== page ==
Most of those who had taken part in the invasion of 1169 were of the second or even third generation living in Wales and as a result as much of their maternal pedigree was Welsh, Breton or Flemish as it was Norman. The central character in Swordland, Robert FitzStephen, was a real-life man and the son of a (presumably) Norman warrior, Stephen of Cardigan, and a Welsh princess, Nest ferch Rhys. It is interesting to imagine the impact that this hybrid background would have on Robert, how it affected his personal and public life, and how it influenced the decisions he made.
The Song of Dermot and the Earl – written in the first half of the 13th century – has Maurice FitzGerald, Robert’s half-brother, upon the walls of besieged Dublin in 1171, just two years after the Normans arrived in Ireland, stating:
“Is it succour from our country that we expect? Nay, such is our lot that what the Irish are to the English, we too, be now considered Irish, are the same. The one island does not hold us in greater desperation than the other. Away, then, with hesitation and cowardice, and let us boldly attack the enemy, while our short stock of provisions yet supplies us with sufficient strength.”
While Maurice is unlikely to have said such a thing, it does give an idea of how his descendants identified themselves during the 1220s. By 1366, these Hibernicised Normans were referred to as “the middle nation” and as a result the English government tried to impose the Statutes of Kilkenny to prevent further degeneration of the settlers. They didn’t succeed. Gaelic culture proved more persuasive than either law or force.
“Tonight the curtain that separates the dead from the living will quiver, fray, and finally vanish. Tonight the dead will cross the bridge of swords.” (From Enemy of God by Bernard Cornwell.)
I’m not a religious person but I do believe that one way for a person to ‘live’ beyond their lifespan is through storytelling. In the future I plan to write about fictional characters, but at the moment it gives me great pleasure to write about the deeds of men and women who really existed (albeit in a fictionalised manner). My characters are people almost forgotten by history, but, by telling their story with as much authenticity and passion as I can muster, I hope that they will be in a sense ‘resurrected’ and the curtain separating their time from ours will indeed vanish – if only in the mind of the reader.
My most recent novel, Lord of the Sea Castle, is currently with my editor and I’m very much looking forward to hearing what he thinks. I really enjoyed writing it. The story picks up right after the end of Swordland and is based around the siege of Baginbun in the summer of 1170. The battle is not terribly well-known today, even in Ireland, but Richard Stanihurst, the celebrated Tudor historian, claimed in 1577 that “by the creek of Baginbun, Ireland was lost and won”. If he is to be believed Baginbun should be remembered as Ireland’s version of the Battle of Hastings. My host, James, will know that this hardly tells the whole story of the conquest of England and it is much the same with its Irish equivalent.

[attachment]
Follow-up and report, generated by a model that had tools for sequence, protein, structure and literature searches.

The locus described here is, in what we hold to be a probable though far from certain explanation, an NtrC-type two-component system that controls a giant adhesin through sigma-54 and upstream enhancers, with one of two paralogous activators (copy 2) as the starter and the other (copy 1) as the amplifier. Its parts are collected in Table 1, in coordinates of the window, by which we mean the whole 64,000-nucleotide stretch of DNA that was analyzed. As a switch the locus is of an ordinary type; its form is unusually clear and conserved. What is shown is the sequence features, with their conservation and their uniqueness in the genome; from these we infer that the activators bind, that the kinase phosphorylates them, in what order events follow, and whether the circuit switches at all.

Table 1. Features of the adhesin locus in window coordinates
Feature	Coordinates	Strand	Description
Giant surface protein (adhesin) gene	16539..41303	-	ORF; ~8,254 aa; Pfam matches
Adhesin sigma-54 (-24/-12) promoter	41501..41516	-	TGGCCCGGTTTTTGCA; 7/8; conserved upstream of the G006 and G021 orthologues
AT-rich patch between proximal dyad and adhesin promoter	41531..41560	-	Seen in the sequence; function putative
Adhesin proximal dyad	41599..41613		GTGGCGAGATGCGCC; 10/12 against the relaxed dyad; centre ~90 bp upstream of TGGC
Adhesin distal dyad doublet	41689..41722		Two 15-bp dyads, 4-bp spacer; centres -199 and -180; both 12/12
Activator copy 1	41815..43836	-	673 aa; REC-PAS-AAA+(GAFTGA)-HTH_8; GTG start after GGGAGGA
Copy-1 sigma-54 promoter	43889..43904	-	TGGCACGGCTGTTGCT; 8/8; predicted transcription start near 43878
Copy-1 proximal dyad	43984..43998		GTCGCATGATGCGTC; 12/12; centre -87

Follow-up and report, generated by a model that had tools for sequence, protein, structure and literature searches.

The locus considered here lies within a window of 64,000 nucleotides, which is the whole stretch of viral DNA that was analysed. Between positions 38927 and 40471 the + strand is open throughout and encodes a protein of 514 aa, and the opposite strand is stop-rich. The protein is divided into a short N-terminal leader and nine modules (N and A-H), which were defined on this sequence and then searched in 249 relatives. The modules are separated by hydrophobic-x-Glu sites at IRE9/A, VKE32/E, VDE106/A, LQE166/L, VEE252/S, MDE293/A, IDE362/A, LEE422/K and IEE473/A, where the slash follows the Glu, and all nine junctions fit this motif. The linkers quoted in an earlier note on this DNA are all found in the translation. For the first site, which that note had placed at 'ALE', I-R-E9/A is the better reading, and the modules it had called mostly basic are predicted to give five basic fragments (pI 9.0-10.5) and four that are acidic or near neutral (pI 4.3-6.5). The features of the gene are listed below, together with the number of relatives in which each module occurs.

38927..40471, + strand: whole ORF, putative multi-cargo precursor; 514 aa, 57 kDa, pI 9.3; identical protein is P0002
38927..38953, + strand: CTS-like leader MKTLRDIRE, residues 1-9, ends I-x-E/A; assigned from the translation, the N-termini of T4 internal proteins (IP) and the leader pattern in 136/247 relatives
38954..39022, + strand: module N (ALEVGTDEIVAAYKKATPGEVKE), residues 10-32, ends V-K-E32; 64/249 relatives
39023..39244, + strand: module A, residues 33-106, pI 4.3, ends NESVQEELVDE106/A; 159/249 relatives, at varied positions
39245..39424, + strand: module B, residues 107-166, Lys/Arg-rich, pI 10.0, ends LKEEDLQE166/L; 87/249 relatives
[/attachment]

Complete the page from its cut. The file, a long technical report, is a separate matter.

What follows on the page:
Without giving too much away, the main character in Lord of the Sea Castle, Raymond de Carew (or Raymond the Fat, as he was more commonly known), leads an advance force of just 120 warriors to Ireland to establish a bridgehead for his lord, Richard de Clare, ahead of his invasion of Ireland. With no hope of aid from home, Raymond is confronted by an alliance of Waterford Vikings and Gaelic tribesmen who outnumber him by at least twenty to one and are bent upon wiping out his small company. The part set in Ireland is lifted almost totally from 12th- and early 13th-century sources. Some of the acts of bravery are so incredible that you might truly believe them to be fictitious! They are deeds worth remembering and I hope I can do them justice.
“Maps and mazes. Of a thing which could not be put back. Not be made right again. In the deep glens where they lived all things were older than man and they hummed of mystery.” (From The Road by Cormac McCarthy.)
One of the great losses to Ireland was Brehon Law. These ‘laws’ came about over several thousands of years before the Norman invasion and are, in their widest terms, a set of ‘fair dinkum’ principles and customs to which all 140 ancient petty-kingdoms in Ireland adhered. They managed to survive and thrive during the Norman colonial period before being stamped out during the second half of the seventeenth century. I find it tantalising to imagine what form it would’ve taken if it had survived and developed through to modern times.
Unlike the rest of medieval Europe which for the most part took on a Romanised form of laws, under the Brehon system the responsibility of law-making and taxation was taken out of the hands of kings. Neither could they create new laws to subjugate their people. Outlandishly for the time, the laws of the land were derived from the bottom of society rather than the top.